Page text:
Tours to take flight from Hurricane, some residents object to location of helipad
HURRICANE — Zion National Park is a major tourist attraction and a businessman wants to give visitors a view from above of the park and other attractions. But some residents, including the mayor, object to part of his plan.
“I’m just sick about this,” said Hurricane resident Janet Fraser. “I can’t believe it’s happening.”
The Hurricane-based helicopter tour business run by Jeff Longmore is ready to give visitors and tourists a scenic view of southern Utah, including Zion National Park. The city gave him permission to run Zion Helicopter from a helipad at 1150 W. State, largely a commercial area. But nearby residents have concerns.
“We have a quality of life, and we have beautiful surroundings,” said Fraser. “Why do we want a helicopter? We don’t. And why would we want 14 trips over our home? We don’t.”
Most of the residents like the business and the concept, but they’re against its location, city manager Clark Fawcett said.
Concerns about safety, noise pollution and property values have sparked a petition drive and an appeal to the City Council to rescind Zion Helicopter's business license.
“We feel at a minimum that this decision by the city should have been vetted better and more due diligence put into play as far as contacting the residents,” said resident Brian Sanderson. And that's putting the city in a tough spot.
If the City Council doesn't take action against the business and revoke the license, then the citizens can come back and say, ‘You’re not holding to your ordinances,’ and could bring a lawsuit,” Fawcett said.
On the other hand, if the Council revokes the license, the business owner may file suit, arguing investments were made in the business based on the city's decision.
Longmore hasn't threatened to sue, but he said he's frustrated and disappointed that his plans have come to this.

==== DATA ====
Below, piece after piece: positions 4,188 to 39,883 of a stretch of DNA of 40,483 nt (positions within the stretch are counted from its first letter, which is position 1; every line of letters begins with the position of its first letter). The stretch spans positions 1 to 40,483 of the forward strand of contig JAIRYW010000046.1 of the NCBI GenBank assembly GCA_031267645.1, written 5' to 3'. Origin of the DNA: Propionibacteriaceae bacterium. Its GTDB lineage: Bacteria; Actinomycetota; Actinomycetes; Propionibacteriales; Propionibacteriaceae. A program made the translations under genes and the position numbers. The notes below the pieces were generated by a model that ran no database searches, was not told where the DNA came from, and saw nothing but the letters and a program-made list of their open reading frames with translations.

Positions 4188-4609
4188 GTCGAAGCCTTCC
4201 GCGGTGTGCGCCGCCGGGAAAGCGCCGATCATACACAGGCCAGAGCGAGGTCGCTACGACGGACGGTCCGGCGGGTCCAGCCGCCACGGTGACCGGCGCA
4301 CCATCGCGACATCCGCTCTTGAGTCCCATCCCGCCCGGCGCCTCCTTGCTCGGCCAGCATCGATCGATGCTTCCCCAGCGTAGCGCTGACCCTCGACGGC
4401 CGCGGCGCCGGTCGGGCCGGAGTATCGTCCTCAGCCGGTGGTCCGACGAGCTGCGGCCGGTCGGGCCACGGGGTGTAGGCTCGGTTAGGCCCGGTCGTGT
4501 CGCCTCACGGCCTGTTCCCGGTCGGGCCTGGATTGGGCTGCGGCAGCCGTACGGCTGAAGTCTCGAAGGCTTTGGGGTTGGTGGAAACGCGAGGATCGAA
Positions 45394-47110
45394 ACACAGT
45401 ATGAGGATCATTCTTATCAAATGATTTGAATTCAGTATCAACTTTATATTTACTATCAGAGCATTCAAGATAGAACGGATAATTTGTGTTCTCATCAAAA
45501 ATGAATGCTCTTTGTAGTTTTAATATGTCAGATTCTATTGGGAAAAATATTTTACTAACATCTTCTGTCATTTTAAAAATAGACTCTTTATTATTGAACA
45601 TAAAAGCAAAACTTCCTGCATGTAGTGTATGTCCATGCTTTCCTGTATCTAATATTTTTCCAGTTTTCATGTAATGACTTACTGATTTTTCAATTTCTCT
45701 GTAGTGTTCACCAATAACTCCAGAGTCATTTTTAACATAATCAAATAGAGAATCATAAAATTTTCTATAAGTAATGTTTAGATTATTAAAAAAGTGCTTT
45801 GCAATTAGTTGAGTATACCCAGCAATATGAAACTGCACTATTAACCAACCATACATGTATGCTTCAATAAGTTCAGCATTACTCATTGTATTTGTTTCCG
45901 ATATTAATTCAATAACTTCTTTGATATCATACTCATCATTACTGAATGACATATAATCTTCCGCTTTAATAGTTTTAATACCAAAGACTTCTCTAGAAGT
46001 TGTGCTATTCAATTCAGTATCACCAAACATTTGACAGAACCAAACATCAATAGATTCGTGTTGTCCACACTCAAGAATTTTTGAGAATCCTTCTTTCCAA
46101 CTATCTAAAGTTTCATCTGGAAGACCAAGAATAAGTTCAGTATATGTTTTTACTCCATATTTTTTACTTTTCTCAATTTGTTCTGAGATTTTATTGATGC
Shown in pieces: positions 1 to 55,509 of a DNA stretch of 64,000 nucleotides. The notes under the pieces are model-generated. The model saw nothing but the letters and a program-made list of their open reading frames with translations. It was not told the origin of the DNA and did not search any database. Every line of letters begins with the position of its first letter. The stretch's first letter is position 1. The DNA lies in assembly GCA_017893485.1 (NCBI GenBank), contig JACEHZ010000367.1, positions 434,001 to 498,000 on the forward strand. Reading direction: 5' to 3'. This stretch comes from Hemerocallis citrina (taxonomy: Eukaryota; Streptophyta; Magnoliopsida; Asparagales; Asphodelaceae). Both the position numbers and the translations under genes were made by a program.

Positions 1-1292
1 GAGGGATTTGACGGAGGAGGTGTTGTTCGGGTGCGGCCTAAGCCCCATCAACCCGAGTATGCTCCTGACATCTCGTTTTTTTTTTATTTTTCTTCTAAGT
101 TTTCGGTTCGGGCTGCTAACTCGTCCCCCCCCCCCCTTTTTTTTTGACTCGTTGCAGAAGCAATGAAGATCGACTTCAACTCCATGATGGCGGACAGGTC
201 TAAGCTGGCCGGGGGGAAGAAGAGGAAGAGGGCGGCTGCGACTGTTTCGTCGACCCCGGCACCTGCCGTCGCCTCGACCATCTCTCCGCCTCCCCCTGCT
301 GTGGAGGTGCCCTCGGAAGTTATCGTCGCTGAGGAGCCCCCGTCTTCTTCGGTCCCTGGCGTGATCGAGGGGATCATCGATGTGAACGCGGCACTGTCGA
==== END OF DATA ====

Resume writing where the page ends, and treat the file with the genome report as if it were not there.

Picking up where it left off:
Longmore said his helicopter meets noise requirements. He added that there are ways to mitigate the noise by the way the pilot approaches and departs from the helipad, which all pilots will learn and use. The flights will run between 9 a.m. and 7 p.m., Monday through Saturday.
Some residents were concerned for the children’s safety, because there’s a bus stop close to the helipad. Longmore said that won’t be an issue because school will be out for the summer.
He also said that those who live closest to the helipad weren’t objecting to it.
But there are still serious reservations, even from the mayor.
“I just don't feel this is conducive to have on our State Street area for the welfare and safety of our citizens,” Mayor Thomas Hirschi said Thursday during a council meeting. He's concerned about helicopters distracting drivers.
Regardless, Zion Helicopter appears on its way to opening. Longmore plans a grand opening for his business Saturday, during the busy Memorial Day weekend, weather permitting.
Council members urged opponents of the business to listen as the helicopters take off and land to see if there are noise, distractions and other issues of concern.
"So either way you go, you still have the opportunity to be sued," Fawcett said, "and for somebody to challenge your ordinance."
Contributing: Richard Piatt
- Utah's first family of rodeo: Riding buckin'...
- Students hope to invent windows of the future
- Men and women: Understanding the wage gap is...
- Recruiting crisis? UHP, other agencies...
- From world-class soldier to world-class...
- David Sturt and Todd Nordstrom: Don't forget...
- How to avoid scams on Cyber Monday and Giving...
- Salt Lake chef wins round in 'Holiday Baking...
- The new Thanksgiving tradition: A quick... 11
- Men and women: Understanding the wage... 7
- Recruiting crisis? UHP, other agencies... 6
- Obama shops at Washington bookstore,... 5
- How to avoid scams on Cyber Monday and... 4
- Utahns urged to shift spending during... 4
- Clinton proposes $275 billion in new... 2
- In time for the holidays, S.L. Comic... 2